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Re-balancing climate services to inform climate-resilient planning: a conceptual framework and illustrations from sub-Saharan Africa

Vincent, Katherine, Conway, Declan ORCID: 0000-0002-4590-6733, Dougill, Andrew J., Pardoe, Joanna, Archer, Emma, Bhave, Ajay Gajanan, Henriksson Malinga, Rebecka, Mittal, Neha, Mkwambisi, David D., Rouhaud, Estelle and Tembo-Nhlema, Dorothy (2020) Re-balancing climate services to inform climate-resilient planning: a conceptual framework and illustrations from sub-Saharan Africa. Climate Risk Management, 29. ISSN 2212-0963

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Identification Number: 10.1016/j.crm.2020.100242


Making climate-resilient planning and adaptation decisions is, in part, contingent on the use of climate information. Growing attention has been paid to the “usability gap” and the need to make information both useful and useable to decision-makers. Less attention has, however, been paid to the factors that determine whether, once created, useful and useable information is then actually used. In this Perspectives piece, we outline a framework that puts together the pieces necessary to close the “usability gap” – highlighting not only what is required to make information useful and useable, but also what is required to ensure that useful and useable information is actually used. Creating useful information is subject to understanding and being able to deliver metrics that address identified needs in a range of decision-making contexts. Creating useable information is contingent upon having legitimate and credible information that is visualised and communicated in ways that are accessible and understandable. Further use of such information requires supportive institutions, appropriate policy frameworks, capacity of individuals and agency to make decisions. The framework further highlights traditionally under-recognized barriers that prevent effective use of the growing availability of useful and useable climate information in decision-making. Whilst this is not enough in itself to effect information use, we argue that greater focus on these barriers can re-balance the activities promoted through climate services and increase the likelihood of successful use. We illustrate the framework with case examples of co-producing climate information for the tea and water sectors in sub-Saharan Africa.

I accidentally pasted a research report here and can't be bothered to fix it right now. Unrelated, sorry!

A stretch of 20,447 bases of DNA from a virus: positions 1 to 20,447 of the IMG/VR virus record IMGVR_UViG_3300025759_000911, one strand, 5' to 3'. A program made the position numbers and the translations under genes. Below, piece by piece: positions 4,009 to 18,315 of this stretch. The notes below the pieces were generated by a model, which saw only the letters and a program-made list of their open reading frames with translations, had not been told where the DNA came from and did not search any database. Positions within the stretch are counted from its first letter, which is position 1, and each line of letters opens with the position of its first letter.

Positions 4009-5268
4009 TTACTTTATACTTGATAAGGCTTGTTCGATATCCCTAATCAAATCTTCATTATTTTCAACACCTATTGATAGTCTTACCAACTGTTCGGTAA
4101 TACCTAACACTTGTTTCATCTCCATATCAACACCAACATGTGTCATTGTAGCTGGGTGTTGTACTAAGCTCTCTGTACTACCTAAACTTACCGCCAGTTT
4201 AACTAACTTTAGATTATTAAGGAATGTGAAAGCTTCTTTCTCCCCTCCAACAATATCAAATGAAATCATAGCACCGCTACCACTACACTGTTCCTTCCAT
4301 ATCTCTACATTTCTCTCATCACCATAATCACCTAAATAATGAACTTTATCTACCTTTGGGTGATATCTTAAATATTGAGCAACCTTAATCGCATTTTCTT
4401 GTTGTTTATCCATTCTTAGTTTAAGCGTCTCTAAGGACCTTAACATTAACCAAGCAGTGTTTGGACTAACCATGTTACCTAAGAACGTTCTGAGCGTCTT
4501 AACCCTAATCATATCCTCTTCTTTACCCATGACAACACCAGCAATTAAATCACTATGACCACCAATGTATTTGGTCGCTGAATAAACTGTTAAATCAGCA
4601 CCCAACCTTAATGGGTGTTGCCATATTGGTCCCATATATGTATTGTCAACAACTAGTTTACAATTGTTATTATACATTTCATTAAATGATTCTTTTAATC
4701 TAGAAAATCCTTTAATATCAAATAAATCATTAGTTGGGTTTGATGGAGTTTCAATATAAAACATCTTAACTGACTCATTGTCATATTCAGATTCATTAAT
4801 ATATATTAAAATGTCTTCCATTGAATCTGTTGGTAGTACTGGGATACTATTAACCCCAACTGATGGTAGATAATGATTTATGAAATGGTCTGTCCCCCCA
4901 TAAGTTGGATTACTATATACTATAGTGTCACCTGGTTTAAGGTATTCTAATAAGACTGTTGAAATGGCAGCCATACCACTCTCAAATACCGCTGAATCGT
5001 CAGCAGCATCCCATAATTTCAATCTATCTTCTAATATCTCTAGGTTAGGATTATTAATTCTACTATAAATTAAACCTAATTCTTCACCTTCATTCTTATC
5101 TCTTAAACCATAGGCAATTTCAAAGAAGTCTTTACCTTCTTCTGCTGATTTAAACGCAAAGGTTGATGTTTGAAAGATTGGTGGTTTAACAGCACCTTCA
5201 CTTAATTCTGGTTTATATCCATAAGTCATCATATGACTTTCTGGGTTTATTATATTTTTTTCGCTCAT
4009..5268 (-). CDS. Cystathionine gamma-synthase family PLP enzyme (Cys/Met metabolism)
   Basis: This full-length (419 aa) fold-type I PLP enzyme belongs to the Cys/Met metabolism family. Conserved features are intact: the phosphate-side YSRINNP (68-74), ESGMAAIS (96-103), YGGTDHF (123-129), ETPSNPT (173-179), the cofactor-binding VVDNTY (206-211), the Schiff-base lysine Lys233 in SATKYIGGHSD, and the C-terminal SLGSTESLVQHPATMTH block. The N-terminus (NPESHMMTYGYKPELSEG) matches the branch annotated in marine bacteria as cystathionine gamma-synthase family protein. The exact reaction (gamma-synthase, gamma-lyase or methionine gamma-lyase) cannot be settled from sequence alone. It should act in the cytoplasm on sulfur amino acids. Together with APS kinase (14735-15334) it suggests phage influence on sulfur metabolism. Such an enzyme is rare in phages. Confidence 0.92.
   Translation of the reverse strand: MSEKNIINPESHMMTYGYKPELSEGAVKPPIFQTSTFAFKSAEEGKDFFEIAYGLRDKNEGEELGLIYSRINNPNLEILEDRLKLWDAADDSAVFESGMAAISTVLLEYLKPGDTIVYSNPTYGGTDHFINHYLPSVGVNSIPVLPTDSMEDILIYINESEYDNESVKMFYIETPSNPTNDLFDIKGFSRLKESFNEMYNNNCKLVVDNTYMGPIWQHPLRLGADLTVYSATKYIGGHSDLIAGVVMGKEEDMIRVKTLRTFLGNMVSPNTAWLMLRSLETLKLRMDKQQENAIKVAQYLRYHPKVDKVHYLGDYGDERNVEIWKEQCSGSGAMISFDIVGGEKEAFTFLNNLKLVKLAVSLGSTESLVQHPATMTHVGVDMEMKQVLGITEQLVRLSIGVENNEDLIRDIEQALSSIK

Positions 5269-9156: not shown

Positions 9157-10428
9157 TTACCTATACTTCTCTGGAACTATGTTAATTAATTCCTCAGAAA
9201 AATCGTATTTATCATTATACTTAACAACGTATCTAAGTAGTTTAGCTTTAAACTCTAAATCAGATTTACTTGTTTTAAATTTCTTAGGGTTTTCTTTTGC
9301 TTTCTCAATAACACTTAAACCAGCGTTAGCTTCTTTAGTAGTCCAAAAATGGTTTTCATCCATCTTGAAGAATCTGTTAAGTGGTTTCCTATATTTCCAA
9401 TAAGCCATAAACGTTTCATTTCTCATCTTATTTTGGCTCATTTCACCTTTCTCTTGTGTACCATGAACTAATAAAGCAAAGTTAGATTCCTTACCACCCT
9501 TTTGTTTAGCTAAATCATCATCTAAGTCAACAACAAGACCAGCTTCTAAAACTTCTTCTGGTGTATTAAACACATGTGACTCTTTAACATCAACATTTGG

Item Type: Article
Official URL:
Additional Information: © 2020 The Authors
Divisions: Grantham Research Institute
Subjects: G Geography. Anthropology. Recreation > GE Environmental Sciences
Date Deposited: 21 Jul 2020 10:42
Last Modified: 20 Oct 2021 02:52

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